DOJ Announces Arrest of White Supremacist Troll ‘Jack Corbin’

(Source: WikiMedia Commons)

Federal officials announced today that authorities arrested a Florida man whose identity Right Wing Watch confirmed last year as a person who repeatedly threatened reporters and activists with violence using the social media website Gab, which serves as a clearinghouse for radical far-right content.

The Department of Justice announced in a press release dated September 18 that authorities arrested 31-year-old Daniel McMahon on federal charges. According to the DOJ press release, a sealed indictment was returned from a grand jury in the Western District of Virginia on September 11 with four criminal charges: “Willful interference with a candidate for elective office, bias-motivated interference with a candidate for elective office, threats to injure in interstate commerce, and cyberstalking.”

Last year, Right Wing Watch was able to independently confirm research published by antifascist activists who identified McMahon as the person operating a slew of social media profiles with screen names that included “Jack Corbin,” “Pale Horse” and “Dakota Stone.” Right Wing Watch was also able to confirm with multiple sources that at least two complaints regarding McMahon had been submitted to the FBI at the time of our original reporting.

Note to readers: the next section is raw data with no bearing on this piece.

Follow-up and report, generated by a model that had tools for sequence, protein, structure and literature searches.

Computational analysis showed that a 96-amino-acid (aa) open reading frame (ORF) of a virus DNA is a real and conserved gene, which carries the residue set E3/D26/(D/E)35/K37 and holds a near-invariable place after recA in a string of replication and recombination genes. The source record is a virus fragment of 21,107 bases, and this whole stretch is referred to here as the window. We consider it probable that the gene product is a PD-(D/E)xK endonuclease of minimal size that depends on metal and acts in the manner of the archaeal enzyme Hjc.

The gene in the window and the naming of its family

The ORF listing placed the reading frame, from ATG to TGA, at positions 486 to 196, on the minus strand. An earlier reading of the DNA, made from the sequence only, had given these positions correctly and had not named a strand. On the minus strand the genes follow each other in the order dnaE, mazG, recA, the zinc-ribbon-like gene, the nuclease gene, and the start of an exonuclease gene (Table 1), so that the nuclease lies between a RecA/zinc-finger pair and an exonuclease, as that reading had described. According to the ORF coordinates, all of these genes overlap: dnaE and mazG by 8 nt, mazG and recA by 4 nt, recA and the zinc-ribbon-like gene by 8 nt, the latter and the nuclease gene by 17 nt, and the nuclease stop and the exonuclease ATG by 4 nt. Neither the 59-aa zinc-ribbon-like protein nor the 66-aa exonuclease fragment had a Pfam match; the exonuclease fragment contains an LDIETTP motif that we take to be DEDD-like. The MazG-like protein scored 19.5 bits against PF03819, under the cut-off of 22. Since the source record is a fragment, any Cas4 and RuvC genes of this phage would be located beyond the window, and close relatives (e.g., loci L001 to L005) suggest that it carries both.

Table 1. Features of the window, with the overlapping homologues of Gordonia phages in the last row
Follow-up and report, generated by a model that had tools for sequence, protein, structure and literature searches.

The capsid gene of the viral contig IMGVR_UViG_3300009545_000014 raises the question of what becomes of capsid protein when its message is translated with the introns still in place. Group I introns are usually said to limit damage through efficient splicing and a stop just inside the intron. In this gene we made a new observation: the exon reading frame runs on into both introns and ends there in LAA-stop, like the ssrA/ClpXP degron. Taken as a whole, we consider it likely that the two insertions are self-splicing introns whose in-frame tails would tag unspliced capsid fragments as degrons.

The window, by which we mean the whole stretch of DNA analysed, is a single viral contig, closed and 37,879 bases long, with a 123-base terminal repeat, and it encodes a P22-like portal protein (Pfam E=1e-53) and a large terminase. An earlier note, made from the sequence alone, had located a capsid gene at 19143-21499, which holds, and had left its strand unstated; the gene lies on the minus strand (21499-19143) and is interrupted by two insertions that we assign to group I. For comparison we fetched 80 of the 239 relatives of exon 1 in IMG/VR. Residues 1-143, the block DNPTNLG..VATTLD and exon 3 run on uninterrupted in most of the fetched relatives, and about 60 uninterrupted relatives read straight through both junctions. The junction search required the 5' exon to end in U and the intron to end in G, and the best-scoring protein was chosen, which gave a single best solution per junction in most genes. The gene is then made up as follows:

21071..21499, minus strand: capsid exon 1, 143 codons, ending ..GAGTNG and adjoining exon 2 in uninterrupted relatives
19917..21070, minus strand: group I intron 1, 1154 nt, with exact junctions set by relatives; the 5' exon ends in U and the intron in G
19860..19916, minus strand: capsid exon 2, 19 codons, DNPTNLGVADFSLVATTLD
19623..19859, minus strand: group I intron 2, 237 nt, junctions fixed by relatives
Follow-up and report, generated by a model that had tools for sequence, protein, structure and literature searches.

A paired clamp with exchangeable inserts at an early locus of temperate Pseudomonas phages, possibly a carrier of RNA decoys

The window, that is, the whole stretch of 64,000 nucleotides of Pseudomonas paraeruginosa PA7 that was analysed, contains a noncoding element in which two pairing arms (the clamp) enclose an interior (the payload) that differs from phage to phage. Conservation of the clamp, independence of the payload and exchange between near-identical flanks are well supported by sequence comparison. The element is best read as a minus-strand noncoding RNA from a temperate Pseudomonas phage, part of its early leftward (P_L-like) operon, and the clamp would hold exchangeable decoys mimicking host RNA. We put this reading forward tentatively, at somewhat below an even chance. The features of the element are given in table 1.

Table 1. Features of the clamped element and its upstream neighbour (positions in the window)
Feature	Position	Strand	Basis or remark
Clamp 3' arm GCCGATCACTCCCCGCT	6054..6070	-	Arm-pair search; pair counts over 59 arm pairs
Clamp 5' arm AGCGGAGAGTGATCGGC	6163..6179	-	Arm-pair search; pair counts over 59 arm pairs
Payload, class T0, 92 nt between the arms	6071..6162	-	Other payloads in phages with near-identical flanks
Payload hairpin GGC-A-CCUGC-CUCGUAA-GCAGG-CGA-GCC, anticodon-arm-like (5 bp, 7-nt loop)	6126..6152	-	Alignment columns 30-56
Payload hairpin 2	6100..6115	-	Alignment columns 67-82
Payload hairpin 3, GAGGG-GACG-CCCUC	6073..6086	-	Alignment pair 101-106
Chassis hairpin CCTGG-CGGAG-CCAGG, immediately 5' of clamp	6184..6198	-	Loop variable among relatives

Online, McMahon would frequently spread violent anti-Semitic and racist rhetoric, and often singled out women for explicit sexual harassment and violent rape threats. We reported in December 2018:

Although McMahon aggressively targets reporters and left-wing activists, the violent rhetoric he deploys and the worldview he hopes to advance most aggressively targets people of color and Jews, whom he is convinced are sabotaging white existence.

Under his faceless “Jack Corbin” profile, he behaves like a cartoon villain, antagonizing people and issuing declarations of the eventual success that fascism will supposedly achieve and the impending doom in store for those who resist it. Considering the network of violent extremists that McMahon resides in online, many of whom dwell in a swamp in which they actively encourage one another to commit acts of violence, McMahon’s online persona becomes as alarming as it is absurd. For that reason, Corbin’s behavior carries an innate risk; his behavior in that swamp makes his ability to do harm, or simply spur others to do so, virtually inevitable.

Calling himself a “god damn fascist,” McMahon interacted on Gab with the man who murdered 11 worshipers at the Tree of Life synagogue in Pittsburgh last year. He also used the site to celebrate murders and violence against people of minority groups he hated. McMahon is the latest in a string of arrests of Gab users who are being held to account for utilizing the social media platform to call for violent political extremism.